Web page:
‘Spain is lovely’: the Catalans who reject independence
Catalan separatists may have the wind in their sails in Sunday's election, but some here say they would leave if the region broke away from Spain.
The working-class Barcelona suburb of Santa Coloma de Gramenet is a stronghold of the “No” vote in the regional polls, cast by separatists as an indirect ballot on independence.
Half of the inhabitants in this town of 1960s red-brick houses are not Catalan by birth — they migrated here from abroad or from other parts of Spain.
Among them is Cayetano Ruiz, 66, who when he was 13 arrived here, like hundreds of thousands of others, from the poor southern region of Andalusia.
“We caught the train in the afternoon and by the following evening we arrived with our wooden suitcases,” he tells AFP.
“We came here, to our Santa Coloma. It is ours now,” he says, as his wife Conchi Santiago, 63, holds their smiling seven-month granddaughter on her knee.
“We grew up here. I worked with Catalans and never had any problems,” says Cayetano. “It’s the politicians who complicate things. Spain is lovely and they want to spoil it.”
– Threatening to leave –
Recent election surveys indicate the pro-independence movement could win a majority in the regional parliament in Sunday’s vote, but not necessarily the most votes.
Past studies have shown Catalans largely in favour of a referendum but split over independence — about half of them oppose secession.
For Francisco Serrano, a 70-year-old former labourer also from Andalusia, “it is a categoric No”. A Yes to secession, he says, would be “no good”.
Catalonia’s president Artur Mas and his nationalist allies say the region would be better off independent, with greater control over its taxes.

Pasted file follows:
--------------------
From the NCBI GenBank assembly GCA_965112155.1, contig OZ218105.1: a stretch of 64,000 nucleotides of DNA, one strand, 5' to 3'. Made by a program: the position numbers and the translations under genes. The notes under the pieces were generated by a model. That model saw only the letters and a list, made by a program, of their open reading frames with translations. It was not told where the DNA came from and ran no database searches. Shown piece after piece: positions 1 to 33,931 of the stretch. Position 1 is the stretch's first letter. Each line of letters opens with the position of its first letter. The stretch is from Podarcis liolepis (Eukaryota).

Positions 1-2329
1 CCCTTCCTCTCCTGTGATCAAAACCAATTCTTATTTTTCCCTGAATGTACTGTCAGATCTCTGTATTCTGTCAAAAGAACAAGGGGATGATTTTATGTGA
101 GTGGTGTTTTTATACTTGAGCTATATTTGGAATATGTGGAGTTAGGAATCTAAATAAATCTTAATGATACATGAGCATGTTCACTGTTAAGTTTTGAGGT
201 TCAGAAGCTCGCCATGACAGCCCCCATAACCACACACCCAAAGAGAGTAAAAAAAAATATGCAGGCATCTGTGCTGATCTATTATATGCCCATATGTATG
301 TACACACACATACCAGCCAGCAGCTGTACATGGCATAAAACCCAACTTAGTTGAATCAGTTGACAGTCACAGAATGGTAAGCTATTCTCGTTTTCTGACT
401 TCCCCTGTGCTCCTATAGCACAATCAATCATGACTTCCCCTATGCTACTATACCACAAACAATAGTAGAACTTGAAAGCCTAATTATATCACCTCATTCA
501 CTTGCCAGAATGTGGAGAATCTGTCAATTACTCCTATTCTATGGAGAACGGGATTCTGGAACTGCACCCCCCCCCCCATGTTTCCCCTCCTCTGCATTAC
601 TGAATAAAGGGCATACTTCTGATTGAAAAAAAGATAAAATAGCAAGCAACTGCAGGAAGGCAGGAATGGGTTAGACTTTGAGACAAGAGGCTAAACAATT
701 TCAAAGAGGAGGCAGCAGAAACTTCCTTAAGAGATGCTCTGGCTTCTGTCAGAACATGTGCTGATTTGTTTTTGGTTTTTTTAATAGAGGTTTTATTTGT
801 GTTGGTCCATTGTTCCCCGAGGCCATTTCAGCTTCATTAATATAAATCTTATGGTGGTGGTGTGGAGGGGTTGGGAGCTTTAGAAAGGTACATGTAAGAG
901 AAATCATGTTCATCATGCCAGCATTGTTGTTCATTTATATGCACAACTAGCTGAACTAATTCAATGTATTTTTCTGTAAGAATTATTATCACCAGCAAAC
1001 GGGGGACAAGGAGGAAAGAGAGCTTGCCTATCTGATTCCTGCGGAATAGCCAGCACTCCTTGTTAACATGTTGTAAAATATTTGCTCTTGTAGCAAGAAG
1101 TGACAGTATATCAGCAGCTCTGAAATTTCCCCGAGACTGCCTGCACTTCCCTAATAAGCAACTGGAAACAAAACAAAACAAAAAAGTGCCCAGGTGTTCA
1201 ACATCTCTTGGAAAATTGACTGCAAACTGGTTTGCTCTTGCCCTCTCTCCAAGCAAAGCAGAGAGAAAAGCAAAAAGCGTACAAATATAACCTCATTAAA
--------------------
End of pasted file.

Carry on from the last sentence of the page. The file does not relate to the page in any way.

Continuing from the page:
“That guy is a liar,” says Serrano. “Things would get worse.”
A conservative nationalist, Mas is despised by many voters for his austerity policies in the recent economic crisis.
“Here we are all poor workers and he has not improved anything,” said Serrano.
If Catalonia declares independence, he said, “I will go back to my village” in Andalusia. “I still have my parents’ house there.”
– Spain football strip –
In the streets of Santa Coloma, locals chat about the election.
One man sitting in the sunshine on the terrace of a cafe consults his smartphone for the latest news: voter turnout up five percent from the last election in 2012.
Nearly all the locals met here say they had voted.
One couple, David Ruiz, 39, and his partner Victoria, 36, voted differently.
David wears a red Spain football strip to show his support for keeping the country united.
Victoria supports independence.
“It is good that each of us can vote as they wish,” David says.
“But I would have preferred things to be better organised, with an agreed referendum,” he said, regretting that the Spanish government blocked that possibility.
– ‘Better together’ –
Elsewhere in Santa Coloma, Maria Angeles Flores, is too young to vote at 17 — had she been a year older, it is clear which group she would not have backed. She is a native Catalan but committed to staying with Spain.
“It may be a rich region, but Catalonia is small” with its 7.5 million inhabitants, she says.
“The European Union was formed because we are better off together. The more of us, the better.”
Near Santa Coloma’s town hall, Maria Gabriela Serra is out in a more “Catalan” neighbourhood.
She is a candidate in the election for the Popular Union Candidacy, an anti-capitalist group in favour of independence.
Polls show the CUP could act as kingmaker in the election by providing the independence camp with the seats it needs to secure a parliamentary majority.
Despite Madrid’s warnings of financial disaster for Catalonia, the CUP insists independence is necessary for the region’s poor to get fair treatment.
“The national government has resorted to fear tactics,” said Serra.
“So there are some very vulnerable members of society who are afraid.”